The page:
It’s time for a quick quiz.

1. In Italy, people marched and voted against nuclear power recently. Every Australian news service carried the story. But did they mention how many nuclear power stations Italy will need to close as a result of this courageous decision?

Not the wurst tasting dish. Photo: James Elsby

2. Following the Fukushima failure the Chinese suspended approvals on new nuclear power stations pending a safety review. Did the Chinese stop work on any of the 26 reactors currently under construction? How much nuclear power are the Chinese planning for in 2050?

3. The recently announced Moree Solar Farm will take 4 years to build and will be, so far, the largest solar photovaic power station on the planet. How many food producing hectares will it displace? How many such “farms” would you have to build to replace a large coal-fired power station like Victoria’s Loy Yang A?

Latest 2 of 150 comments

  • Obob says:

    10:41am | 07/07/11

    No, The Leftist/Warmist Sulphur Excuse For No Warming 1998-2008 Won’t Wash Maybe human-caused emissions really don’t produce the warming that the warmists’ models say they must July 6 2011 Judith Curry says a new study blaming China’s sulphur dioxide emissions - caused by increased burning of coal (!!) - for… Read more »

  • George says:

    11:12am | 06/07/11

    OOPS! Leftist/Warmist Models Dead Wrong Yet Again. REWORK! July 6 2011 The Bureau of Meteorology admits that the global warming models once said we should be having more cyclones, and worse: There is substantial evidence from theory and model experiments that the large-scale environment in which tropical cyclones form and… Read more »


According to Confucius, the three things necessary for government are weapons, food and trust. If a ruler can’t hold onto all three, Confucius told his disciple Tsze-kung, he should give up the weapons first and the food next. Trust must be jealously guarded for “without trust we cannot stand.”

The PM should listen to this guy instead of Bob Brown for a change

Although written over two thousand years ago in a vastly different culture to the modern west, the advice remains pertinent. More than any other system of government, democracy is built on a broad consensus of values and duties, without which the rights of individuals are endangered.

Central amongst these values is trust. Without it, the consent of the governed is frayed or destroyed as a culture of suspicion and distrust develops.

Latest 2 of 122 comments

  • Pete says:

    01:10pm | 01/07/11

    or links to terrorism for a qld doc Read more »

  • Martin says:

    11:12am | 01/07/11

    Graham,  call Louie, I think he’d be more interested in your mindless Labor gibber than I am. Maybe you could sit together, and he could whinge about Mortien and you could whinge about work choices and bad polls for Labor. Just a thought. Read more »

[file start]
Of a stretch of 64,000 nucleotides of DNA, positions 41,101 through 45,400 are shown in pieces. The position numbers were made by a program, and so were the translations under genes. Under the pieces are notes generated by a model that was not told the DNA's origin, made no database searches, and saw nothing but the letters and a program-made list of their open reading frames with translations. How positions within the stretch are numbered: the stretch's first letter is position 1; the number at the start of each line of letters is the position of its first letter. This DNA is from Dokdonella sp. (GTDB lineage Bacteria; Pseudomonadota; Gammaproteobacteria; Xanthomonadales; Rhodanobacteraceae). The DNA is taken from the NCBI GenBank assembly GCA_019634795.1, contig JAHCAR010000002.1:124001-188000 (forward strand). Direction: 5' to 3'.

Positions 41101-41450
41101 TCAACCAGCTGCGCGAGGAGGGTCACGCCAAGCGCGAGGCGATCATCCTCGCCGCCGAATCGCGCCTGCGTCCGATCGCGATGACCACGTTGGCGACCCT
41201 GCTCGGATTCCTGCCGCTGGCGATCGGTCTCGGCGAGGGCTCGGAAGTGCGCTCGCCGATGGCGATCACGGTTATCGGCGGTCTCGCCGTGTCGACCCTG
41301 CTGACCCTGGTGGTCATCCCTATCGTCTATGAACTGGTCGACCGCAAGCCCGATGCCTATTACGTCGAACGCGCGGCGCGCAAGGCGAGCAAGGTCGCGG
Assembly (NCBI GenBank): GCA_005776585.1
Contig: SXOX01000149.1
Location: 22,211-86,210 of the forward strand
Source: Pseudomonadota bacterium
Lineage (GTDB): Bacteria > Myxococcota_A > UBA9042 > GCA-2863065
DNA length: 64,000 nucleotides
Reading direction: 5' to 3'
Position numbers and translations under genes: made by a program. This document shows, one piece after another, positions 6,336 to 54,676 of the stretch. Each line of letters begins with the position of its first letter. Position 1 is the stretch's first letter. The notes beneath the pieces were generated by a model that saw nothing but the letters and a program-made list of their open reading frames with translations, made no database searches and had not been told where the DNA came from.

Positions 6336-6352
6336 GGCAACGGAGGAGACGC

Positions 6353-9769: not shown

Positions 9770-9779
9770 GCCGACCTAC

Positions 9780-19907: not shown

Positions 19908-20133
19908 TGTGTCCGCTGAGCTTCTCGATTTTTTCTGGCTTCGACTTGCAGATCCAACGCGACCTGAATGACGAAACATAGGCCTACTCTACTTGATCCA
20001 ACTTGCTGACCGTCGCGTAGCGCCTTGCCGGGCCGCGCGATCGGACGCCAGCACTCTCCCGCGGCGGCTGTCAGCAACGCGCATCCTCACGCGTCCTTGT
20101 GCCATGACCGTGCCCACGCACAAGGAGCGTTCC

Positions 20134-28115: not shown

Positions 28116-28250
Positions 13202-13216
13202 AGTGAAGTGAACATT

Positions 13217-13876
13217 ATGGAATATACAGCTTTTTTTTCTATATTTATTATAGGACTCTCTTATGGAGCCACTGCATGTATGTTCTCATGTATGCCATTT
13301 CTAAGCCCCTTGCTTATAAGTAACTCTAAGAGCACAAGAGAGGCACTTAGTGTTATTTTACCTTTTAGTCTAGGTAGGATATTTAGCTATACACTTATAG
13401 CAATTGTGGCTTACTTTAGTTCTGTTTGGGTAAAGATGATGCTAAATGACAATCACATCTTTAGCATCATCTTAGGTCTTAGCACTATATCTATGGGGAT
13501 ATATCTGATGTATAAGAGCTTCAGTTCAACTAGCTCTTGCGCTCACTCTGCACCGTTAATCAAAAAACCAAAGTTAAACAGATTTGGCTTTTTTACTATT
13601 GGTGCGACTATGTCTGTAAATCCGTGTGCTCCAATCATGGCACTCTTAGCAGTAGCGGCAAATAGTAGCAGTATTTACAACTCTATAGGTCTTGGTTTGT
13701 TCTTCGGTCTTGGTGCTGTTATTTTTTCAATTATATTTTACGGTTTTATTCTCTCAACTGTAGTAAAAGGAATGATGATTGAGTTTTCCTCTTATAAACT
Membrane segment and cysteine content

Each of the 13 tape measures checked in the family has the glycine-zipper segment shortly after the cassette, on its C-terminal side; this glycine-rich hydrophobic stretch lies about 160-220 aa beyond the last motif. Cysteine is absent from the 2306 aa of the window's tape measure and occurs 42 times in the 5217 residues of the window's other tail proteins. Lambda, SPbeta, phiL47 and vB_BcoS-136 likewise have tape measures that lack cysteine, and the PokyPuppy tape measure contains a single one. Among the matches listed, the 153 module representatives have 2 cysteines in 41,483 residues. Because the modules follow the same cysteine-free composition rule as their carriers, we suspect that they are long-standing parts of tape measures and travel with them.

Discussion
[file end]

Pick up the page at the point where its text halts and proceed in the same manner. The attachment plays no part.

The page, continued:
He’s got a taste for ear cartilage. He’s done time for rape.  Once rolling in money, he quickly squandered it all.  He’s the notorious boxing champion, Mike Tyson, and he turns 45 years old today.

Whatever you do, don't get in this man's way.

It’s Thursday at The Punch. What’s on your mind?

Latest 2 of 193 comments

  • Kipageelipt says:

    12:27pm | 11/09/12

    Nowadays, women are looking for diverse styles to make themselves unique and stand out from the crowd. They do not care how much they will spend.  Jordan Son Of Mars Read more »

  • Reguiseedge says:

    08:54am | 24/07/12

    Sehr active , Marke   betrachten Gesicht, dass befassen sich mit der   ein bisschen verlegen , bis   denken Die Idee,  Diese spezifische bestimmten Person heißt ganz plötzlich denken   in zu mühelose? Chhnang Alles über Ãœber 20   zahlreiche Jahre Männer,  die schwere Chhnang Verletzungen ,  eingenommenen das… Read more »


What with New York legislating same-sex marriage, and Labor state conferences toppling like dominos, it appears that same-sex marriage activists have adopted a new tack: “momentum rhetoric”.

We mustn't comb over the big issues

The most blatant momentum rhetoric sprang up around the recent Galaxy Poll, wherein 75 per cent of respondents agreed that same-sex marriage is inevitable in Australia.

It was an odd poll - more Nostradamus than Aquinas - on what really is a complicated political and moral issue. No engagement with the issue itself, just speculation as to where we might end up.

Latest 2 of 793 comments

  • Caleb says:

    01:06pm | 07/03/12

    When I was working in the Middle East I made friends with a local who was very strict Islam and practiced Sharia Law. Once when I attended his community for a meeting with the locals I arrived to a horrendous amount of screaming and cursing to find they were stoning… Read more »

  • mary says:

    05:41pm | 21/08/11

    Excellent article Tim! Marriage in our society IS between a man and a woman (as in nearly all the world’s societies) and I would suggest to that minority who want it any different, to go shift countries. Read more »


Some 27 Liberal MPs were eating at a restaurant in the Canberra suburb of Kingston last Wednesday when frontbencher Christopher Pyne rose to start a rousing rendition of For She’s a Jolly Good Fellow.

Dumplings, duck pancakes and shang-tung lamb. Photo Kym Smith.

There also were speeches, the main one from shadow attorney general George Brandis, and offers of assistance from Opposition Leader Tony Abbott and shadow treasurer Joe Hockey.

The centre of attention was restaurant owner Portia Yeung, who stood by embarrassed, giggling into her hands as is her nervous habit.

Latest 2 of 53 comments